It was just one year ago that then-Mayor Dennis Hession appointed an affordable housing task force in Spokane. Upscale condo projects downtown were forcing low-income residents from inexpensive apartments. The task force’s job: Figure out short-and-long term solutions.
Then the condo craze cooled, and the affordable housing crisis disappeared from media coverage. Fortunately, Mayor Mary Verner asked Mike Adolfae, the city’s community development director, to gather together the area’s affordable housing experts and brainstorm solutions. The task force held its second “formal” meeting Wednesday morning. It plans to meet monthly from here on out.
Representatives from Spokane Valley and the city and county of Spokane sat around the table with developers, real estate brokers and low-income housing experts. They shared information. They agreed on five goals. The most important one: “Establish regional affordable housing goals and an implementation strategy.”
Chris Venne, of Community Frameworks, has been involved in affordable housing issues for years here. “I am optimistic,” he said. “There is a lot of energy behind this. Everybody’s got to be creative about solutions.”
Venne shared the creative concept of community land trusts, in which nonprofit organizations buy property. People own the affordable homes built there but sign 99-year leases for the land underneath. Homeowners receive equity in their houses, but the land remains in the trust, making it affordable housing “into perpetuity” as Venne put it.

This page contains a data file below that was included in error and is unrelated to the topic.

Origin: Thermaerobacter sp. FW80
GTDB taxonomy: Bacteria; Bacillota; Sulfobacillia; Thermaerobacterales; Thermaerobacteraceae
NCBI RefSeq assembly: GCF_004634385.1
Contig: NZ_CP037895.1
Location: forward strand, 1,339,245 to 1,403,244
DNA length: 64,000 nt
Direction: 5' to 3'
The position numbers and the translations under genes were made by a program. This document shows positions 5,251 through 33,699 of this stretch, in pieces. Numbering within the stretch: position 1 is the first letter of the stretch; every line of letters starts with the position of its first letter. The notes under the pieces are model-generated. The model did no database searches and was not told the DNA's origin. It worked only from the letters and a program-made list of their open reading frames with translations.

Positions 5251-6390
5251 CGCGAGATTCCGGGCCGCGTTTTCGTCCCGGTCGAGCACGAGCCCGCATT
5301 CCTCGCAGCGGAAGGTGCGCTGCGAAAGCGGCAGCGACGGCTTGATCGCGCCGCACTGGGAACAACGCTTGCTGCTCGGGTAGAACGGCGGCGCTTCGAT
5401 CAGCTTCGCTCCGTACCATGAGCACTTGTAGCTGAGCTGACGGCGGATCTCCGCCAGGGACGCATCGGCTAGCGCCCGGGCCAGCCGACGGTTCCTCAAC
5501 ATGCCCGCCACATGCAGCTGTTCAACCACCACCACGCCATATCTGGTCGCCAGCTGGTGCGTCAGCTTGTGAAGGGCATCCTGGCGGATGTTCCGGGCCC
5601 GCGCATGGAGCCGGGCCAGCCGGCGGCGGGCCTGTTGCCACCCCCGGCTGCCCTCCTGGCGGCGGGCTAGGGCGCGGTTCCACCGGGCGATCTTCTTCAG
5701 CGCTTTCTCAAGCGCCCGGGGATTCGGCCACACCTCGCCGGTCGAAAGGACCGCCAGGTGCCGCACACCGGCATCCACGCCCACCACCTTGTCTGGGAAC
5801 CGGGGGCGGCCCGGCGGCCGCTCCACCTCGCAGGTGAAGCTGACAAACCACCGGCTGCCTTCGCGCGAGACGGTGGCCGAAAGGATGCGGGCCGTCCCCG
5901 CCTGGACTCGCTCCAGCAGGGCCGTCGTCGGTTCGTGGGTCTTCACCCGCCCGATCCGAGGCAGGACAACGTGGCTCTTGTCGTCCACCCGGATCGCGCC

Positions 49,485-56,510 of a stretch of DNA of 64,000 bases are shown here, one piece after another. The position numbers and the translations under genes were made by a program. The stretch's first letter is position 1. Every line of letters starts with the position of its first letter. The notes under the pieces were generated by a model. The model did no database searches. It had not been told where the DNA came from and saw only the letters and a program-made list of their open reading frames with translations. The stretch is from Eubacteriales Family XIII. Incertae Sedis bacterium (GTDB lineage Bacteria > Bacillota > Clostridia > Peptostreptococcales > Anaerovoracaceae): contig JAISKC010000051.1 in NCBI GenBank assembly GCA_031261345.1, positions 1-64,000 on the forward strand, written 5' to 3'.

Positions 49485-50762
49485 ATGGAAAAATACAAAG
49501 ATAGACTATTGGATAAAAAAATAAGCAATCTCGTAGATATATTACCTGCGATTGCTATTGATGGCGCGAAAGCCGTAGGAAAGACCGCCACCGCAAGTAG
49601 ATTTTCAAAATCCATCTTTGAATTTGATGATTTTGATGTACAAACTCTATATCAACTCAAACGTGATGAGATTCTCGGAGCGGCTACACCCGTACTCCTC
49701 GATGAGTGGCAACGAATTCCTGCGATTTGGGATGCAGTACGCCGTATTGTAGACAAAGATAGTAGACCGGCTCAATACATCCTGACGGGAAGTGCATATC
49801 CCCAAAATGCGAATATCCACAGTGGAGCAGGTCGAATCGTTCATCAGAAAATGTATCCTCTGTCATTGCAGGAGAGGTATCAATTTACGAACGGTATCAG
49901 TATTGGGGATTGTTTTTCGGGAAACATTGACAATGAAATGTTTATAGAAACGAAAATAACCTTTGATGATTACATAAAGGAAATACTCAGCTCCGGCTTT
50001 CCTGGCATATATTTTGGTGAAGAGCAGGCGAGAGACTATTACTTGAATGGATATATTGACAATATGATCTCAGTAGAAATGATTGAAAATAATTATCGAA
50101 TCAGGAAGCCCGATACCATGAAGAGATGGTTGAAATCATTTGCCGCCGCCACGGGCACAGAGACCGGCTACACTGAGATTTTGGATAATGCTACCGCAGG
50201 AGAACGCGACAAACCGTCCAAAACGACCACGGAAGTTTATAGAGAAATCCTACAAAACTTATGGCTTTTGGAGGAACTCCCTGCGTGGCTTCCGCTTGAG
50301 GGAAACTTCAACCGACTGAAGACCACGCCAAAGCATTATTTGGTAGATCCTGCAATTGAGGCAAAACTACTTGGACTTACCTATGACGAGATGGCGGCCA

Cindy Algeo, executive director of the Spokane Low Income Housing Consortium, reported on her agency’s just-released survey. “The public was greatly educated a year ago due to the downtown displacement,” she said. But despite the awareness, voters don’t necessarily support taxes to pay for affordable housing.
Lack of adequate housing is inseparable from other community challenges. Work hard on this one and other problems get mitigated, too. For instance, children who move out of substandard housing do better in school. Their parents participate more in community life. Stable housing generates stable lives.
Kudos to the city for not giving up on affordable housing solutions, even as the immediate crisis passed. This issue strikes closest to home here. The expertise is in place to find some workable solutions.
Let’s stay on it.
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